Commission says policemen admit killing of Biko

 

SOUTH Africa's Truth and Reconciliation Commission yesterday announced that unidentified security policemen had admitted culpability for the death detention nearly 20 years ago of the charismatic black leader, Steve Biko.

The admission is contained in an application to the commission for amnesty by the policemen, who had earlier been named unofficially by a Port Elizabeth newspaper (to the dismay of the commission) as the police officers who interrogated Biko.

The announcement by the commission's deputy chairman, Dr Alex Boraine, was made more sensational by his disclosure that security policemen had similarly acknowledge responsibility for the abduction and murder in the 1980s of no less than three sets of activists affiliated to the United Democratic Front, a movement with close links to the then prohibited African National Congress.

The UDF victims were Siphiwe Mtimkulu and Topsy Madaka (April 1982), the Pebco Three - Sipho Hashe, Qaqawuli Godolozi and Champion GaleIa - (May 1985) and the Cradock Four - Matthew Goniwe, Fort Calata, Sparrow Mkonto and Sicelo Mhlawuli - (June 1985).

According to Dr Boraine's account yesterday, a common thread runs through these murders: the bodies of the victims were burnt after they had been drugged and shot (in the cases of Mtimkulu and Madaka and the Pebco Three) and stabbed and shot (in that of the Cradock Four).

Stabbing was employed by the police in the case of the Cradock Four in an attempt to lay the blame for the gruesome murders on the Azanian People's Organisation, which espoused the black consciousness philosophy propagated by Biko.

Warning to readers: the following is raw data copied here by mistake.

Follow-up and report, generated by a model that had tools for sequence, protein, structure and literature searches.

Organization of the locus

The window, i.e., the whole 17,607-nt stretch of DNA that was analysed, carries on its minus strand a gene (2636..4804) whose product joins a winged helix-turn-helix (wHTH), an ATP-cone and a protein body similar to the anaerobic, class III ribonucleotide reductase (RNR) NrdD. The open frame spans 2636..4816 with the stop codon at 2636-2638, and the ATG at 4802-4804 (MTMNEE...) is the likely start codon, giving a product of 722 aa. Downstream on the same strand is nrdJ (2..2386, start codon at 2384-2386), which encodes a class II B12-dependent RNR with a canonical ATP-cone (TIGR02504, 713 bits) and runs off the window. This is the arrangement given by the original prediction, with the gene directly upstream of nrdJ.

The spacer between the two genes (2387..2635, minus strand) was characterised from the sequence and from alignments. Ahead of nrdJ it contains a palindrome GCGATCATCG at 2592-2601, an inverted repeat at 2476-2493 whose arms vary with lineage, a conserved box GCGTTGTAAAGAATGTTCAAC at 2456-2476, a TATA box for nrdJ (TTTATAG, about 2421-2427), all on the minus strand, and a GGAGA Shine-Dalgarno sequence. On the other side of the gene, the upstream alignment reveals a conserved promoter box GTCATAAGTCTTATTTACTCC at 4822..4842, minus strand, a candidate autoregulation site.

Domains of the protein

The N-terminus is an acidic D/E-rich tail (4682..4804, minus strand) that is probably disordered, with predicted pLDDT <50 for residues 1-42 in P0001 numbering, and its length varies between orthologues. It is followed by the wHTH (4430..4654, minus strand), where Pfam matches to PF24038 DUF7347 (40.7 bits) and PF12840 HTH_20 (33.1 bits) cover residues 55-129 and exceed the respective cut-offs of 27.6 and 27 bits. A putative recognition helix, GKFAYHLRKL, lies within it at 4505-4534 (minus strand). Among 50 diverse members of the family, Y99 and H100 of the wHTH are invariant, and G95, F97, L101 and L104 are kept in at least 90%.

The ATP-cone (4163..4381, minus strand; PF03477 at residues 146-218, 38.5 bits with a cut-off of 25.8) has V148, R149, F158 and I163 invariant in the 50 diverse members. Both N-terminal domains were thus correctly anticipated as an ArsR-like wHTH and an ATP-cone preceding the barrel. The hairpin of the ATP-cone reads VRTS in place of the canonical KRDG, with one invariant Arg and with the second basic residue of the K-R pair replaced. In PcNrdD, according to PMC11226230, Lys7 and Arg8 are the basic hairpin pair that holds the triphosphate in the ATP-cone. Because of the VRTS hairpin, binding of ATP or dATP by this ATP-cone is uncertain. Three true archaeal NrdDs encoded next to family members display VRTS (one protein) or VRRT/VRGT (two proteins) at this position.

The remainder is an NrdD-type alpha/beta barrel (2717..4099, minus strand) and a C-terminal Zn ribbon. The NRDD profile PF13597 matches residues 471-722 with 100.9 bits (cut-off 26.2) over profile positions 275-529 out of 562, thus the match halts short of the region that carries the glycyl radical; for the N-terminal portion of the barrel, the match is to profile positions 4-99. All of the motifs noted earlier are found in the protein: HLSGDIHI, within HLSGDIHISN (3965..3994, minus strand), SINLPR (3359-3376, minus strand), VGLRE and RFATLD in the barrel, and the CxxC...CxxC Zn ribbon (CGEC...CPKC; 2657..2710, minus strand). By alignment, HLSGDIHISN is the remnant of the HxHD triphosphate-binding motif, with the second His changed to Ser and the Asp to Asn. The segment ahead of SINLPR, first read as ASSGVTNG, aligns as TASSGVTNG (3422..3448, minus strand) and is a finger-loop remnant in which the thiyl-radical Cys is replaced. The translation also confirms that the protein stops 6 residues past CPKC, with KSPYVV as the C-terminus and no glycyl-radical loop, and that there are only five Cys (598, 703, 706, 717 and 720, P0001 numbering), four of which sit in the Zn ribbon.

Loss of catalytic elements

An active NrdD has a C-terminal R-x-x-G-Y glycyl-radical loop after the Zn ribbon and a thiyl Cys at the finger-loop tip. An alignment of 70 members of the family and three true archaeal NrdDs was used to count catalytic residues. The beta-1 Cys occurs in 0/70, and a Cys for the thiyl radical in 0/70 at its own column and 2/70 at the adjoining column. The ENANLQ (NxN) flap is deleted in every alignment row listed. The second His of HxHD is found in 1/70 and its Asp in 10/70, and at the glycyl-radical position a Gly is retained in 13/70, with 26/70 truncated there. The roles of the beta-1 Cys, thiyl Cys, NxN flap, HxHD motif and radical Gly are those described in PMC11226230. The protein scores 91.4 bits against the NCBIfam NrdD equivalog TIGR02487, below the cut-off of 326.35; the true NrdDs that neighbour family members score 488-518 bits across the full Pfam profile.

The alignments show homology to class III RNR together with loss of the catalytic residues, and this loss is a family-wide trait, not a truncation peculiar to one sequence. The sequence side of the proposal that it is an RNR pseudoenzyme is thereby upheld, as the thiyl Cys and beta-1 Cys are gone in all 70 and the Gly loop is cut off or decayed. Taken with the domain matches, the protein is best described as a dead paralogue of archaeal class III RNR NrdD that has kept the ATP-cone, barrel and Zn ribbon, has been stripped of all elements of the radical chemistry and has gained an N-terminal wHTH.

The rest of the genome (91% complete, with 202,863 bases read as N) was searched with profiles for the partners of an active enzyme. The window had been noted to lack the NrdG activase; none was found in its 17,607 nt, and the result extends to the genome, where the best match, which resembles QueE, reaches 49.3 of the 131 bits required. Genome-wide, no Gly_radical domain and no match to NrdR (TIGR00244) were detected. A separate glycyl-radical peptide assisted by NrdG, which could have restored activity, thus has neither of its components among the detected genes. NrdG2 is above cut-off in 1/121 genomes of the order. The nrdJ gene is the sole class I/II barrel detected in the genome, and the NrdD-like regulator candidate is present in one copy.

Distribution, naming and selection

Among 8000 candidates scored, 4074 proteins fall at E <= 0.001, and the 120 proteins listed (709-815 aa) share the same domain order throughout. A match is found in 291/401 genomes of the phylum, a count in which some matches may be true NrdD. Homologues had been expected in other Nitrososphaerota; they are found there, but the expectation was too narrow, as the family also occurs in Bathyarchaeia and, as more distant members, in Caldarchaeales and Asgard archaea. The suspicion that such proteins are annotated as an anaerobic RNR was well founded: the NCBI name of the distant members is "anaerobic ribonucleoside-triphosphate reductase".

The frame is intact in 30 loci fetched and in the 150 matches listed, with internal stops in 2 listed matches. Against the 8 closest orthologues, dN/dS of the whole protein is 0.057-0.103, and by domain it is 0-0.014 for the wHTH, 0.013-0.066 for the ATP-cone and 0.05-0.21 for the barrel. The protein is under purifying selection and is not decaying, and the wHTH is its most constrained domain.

The death of Biko - he died in a Pretoria cell after been manacled and driven naked on a 700 mile journey from Port Elizabeth - aroused a national and international outcry, particularly after the then Minister of Justice, J T Kruger, told a National Party congress that the death of the young leader "left him cold".

The security policemen who gave evidence at the inquest into Biko's death included the leader the interrogation team, Major (now Colonel) Harold Synman. To a man they denied responsibility. They claimed that their prisoner went "beserk" and fatally injured himself when he banged his head against a wall during a brawl with them.

The verdict, delivered in Pretoria's Magistrate's Court by the Chief Magistrate, Mr M. J. Prins, brought a stunned reaction. It said that Biko, aged 30, had died of a head injury sustained during a scuffle with security police.